(broadcast as Ocean Odyssey
in the UK) was one of the few reasons I look back on the mid-90s as the Golden Age of the Disney Channel (another reason we'll tackle next installment). It was an interesting take on such issues as friendship, morality, adolescent growth and environmental awareness, all in a setting that was as majestic yet dangerous as outer space, but grounded in familiar locales seen through new eyes.
Jason and Brett Bates are two brothers who have been forced to leave their lives on the Australian mainland to join their marine biologist mother on ORCA, a state-of-the-art undersea research center. While Brett enjoys the high-tech ambience and exotic locale, Jason regrets leaving his former life behind to live in a bubble. His new life takes a sudden turn, however, when assisting his mother to tag a local whale for study.
Out swimming in the middle of the ocean, with no means of support, is Neri, a young girl in tatters with some protective relationship over the whale the family is tracking. Before Jason can speak with her, she disappears. Sometime later, after Brett is accidentally set adrift in a small boat during a storm and lands on an island secretly inhabited by Neri. Brett devours some poisonous berries, but is cured by Neri who then sets his boat back out to sea to be found by ORCA personnel.
It's after meeting Neri a third time, freeing her from some illegal nets along the reef, that the boys are invited back to her island where they hear some of her story: Neri was raised on the island by her father, who later drowned, leaving her by herself. He had warned her to hide from humans, because they are "different." Neri shares a special mental bond with "Charlie," the whale the boys' mother has been studying; in addition Neri can hold her breathe for an exceptionally long time and is a naturally gifted swimmer. Jason and Brett agree to protect Charlie as well as Neri's secret existence, which proves to be a significant problem.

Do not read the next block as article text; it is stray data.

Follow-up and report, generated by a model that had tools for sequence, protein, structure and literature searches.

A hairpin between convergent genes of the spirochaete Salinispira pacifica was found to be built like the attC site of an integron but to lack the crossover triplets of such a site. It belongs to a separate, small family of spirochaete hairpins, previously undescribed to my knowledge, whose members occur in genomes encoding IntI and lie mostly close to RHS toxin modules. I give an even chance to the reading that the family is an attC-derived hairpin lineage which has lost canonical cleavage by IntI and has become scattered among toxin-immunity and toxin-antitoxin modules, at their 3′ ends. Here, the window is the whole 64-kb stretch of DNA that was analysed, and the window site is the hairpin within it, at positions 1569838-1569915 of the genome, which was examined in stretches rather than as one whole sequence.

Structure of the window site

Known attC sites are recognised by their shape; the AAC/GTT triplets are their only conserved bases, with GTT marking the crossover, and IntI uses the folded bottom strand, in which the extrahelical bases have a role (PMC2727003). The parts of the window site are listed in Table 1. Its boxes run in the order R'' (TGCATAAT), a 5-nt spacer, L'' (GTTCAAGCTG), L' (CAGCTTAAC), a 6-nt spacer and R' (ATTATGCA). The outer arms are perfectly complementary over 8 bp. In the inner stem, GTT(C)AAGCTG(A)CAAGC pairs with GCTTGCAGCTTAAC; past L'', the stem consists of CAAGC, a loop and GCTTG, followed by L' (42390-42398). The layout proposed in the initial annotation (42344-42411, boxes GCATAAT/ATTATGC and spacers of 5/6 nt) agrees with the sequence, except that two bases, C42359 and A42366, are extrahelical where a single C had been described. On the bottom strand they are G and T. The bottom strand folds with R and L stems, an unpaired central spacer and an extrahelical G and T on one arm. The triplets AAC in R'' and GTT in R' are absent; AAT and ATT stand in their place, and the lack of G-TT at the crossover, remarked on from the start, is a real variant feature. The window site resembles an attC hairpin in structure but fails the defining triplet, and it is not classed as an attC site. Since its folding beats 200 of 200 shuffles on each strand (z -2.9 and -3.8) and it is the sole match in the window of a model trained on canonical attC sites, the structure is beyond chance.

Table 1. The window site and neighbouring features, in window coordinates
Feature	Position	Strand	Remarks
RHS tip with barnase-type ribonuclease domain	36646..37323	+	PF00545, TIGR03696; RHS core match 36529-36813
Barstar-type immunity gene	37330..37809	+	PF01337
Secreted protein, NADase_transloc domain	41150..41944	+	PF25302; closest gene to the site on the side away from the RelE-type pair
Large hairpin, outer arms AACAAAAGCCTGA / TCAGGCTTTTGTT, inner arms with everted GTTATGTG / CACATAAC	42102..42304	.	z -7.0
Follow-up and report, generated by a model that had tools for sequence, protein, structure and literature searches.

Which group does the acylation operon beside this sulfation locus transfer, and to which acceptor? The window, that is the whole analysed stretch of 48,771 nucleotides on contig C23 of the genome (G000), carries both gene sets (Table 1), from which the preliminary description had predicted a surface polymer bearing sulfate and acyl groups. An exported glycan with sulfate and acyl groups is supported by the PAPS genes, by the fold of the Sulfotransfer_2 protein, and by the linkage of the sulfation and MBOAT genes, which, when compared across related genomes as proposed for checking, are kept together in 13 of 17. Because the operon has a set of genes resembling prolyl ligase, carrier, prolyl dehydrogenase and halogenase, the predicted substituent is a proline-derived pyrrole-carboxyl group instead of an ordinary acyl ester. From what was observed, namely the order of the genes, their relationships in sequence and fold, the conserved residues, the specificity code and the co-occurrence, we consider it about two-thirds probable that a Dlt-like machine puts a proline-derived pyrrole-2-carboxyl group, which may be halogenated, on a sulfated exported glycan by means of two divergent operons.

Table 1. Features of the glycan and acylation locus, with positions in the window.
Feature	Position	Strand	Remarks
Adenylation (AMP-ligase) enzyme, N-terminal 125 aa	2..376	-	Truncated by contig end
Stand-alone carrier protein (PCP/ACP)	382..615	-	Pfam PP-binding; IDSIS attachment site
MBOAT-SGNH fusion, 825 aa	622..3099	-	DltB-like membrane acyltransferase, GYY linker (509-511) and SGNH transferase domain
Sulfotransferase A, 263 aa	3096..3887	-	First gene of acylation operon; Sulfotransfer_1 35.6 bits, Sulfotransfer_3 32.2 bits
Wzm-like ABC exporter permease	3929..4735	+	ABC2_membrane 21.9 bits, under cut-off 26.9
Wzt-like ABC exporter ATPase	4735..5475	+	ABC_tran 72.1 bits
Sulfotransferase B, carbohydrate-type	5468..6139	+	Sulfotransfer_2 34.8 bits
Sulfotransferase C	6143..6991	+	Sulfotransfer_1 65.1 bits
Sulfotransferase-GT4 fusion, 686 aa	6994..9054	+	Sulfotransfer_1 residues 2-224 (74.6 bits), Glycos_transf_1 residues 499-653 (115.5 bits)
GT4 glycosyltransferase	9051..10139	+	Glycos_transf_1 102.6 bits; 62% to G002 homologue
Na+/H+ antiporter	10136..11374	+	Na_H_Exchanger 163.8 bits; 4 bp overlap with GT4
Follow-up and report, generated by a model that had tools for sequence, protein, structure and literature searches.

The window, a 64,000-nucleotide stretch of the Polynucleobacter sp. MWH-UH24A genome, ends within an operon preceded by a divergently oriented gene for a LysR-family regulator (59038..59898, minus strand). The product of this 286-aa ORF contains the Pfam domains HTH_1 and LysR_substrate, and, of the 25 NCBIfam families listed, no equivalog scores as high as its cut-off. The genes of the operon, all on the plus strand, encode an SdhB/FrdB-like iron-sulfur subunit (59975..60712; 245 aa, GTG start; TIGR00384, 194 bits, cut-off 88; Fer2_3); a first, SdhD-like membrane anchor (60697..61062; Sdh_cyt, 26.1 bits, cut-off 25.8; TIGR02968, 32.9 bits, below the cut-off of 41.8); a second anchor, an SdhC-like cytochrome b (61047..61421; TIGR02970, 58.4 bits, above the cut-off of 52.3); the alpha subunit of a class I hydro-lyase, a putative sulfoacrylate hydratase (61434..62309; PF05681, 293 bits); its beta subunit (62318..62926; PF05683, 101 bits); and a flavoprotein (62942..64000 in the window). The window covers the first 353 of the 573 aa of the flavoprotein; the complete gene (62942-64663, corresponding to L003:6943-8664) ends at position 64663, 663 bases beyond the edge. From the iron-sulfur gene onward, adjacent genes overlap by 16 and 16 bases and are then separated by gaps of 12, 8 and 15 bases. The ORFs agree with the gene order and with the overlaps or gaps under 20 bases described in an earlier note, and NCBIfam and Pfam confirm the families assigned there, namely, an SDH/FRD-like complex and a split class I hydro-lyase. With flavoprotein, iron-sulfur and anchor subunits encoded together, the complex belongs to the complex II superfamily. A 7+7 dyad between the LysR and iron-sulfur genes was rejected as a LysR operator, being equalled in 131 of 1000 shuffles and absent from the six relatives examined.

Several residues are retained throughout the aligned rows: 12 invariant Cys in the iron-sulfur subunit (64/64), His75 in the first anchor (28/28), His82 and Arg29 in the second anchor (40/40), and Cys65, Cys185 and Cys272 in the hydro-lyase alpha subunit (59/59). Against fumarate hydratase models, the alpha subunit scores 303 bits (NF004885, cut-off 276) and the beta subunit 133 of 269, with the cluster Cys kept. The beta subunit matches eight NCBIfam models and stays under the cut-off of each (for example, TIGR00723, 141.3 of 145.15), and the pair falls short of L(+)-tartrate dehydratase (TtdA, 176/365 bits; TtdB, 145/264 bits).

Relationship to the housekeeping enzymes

In later episodes, the rival organization UBRI is introduced, a far more sinsister and underhanded group in their research practices, and quite interested in both Charlie and Neri, once they learn of her existence. Neri's origins are also made further enigmatic by evidence of unfamiliar artifacts and structures hidden throughout her island. I'd say more about the surprises this show had, but it would ruin a lot of the fun :)
One of the reasons I enjoyed watching this show so much was because of how well-paced and laid out it was. Each week had a short-term problem for the group to tackle, some immediate danger (usually mortal), compounded by the isolation of the environment. At the same time, each episode added a little bit to a larger plot running throughout the season.
Another important element was the wealth of characters on the show. Neri (played to perfection by Polish actress Marzena Godecki) was of course the main draw for the show, playing an alienated but curious young girl, whose emotional innocence was often a moral compass in times of crisis. But there was also an entire community of people living in ORCA and the other actors made this concept work, with numerous other relationships and misadventures going on in the installation. A small debacle I remember was several of Brett's friends trying to hack the supply orders to get contraband chocolate. Unfortunately, the order gets a bit...fudged.
"How many did you order?"
"Only six bars..."
"This isn't six bars! You ordered six BOXES!"
Lastly, the unique setting of a scenic real-world location mixed with sci-fi sets gave the production a feeling of easy introduction, but also eliciting great emotion from the beauty and grandeur of the untouched (while Neri saw to it) ocean.Ocean Girl
ran for four seasons, two of which aired here in the U.S. If you enjoy shows with suspense, mystery, intricate relationships, and occasional lighthearted fun, check out Ocean Girl
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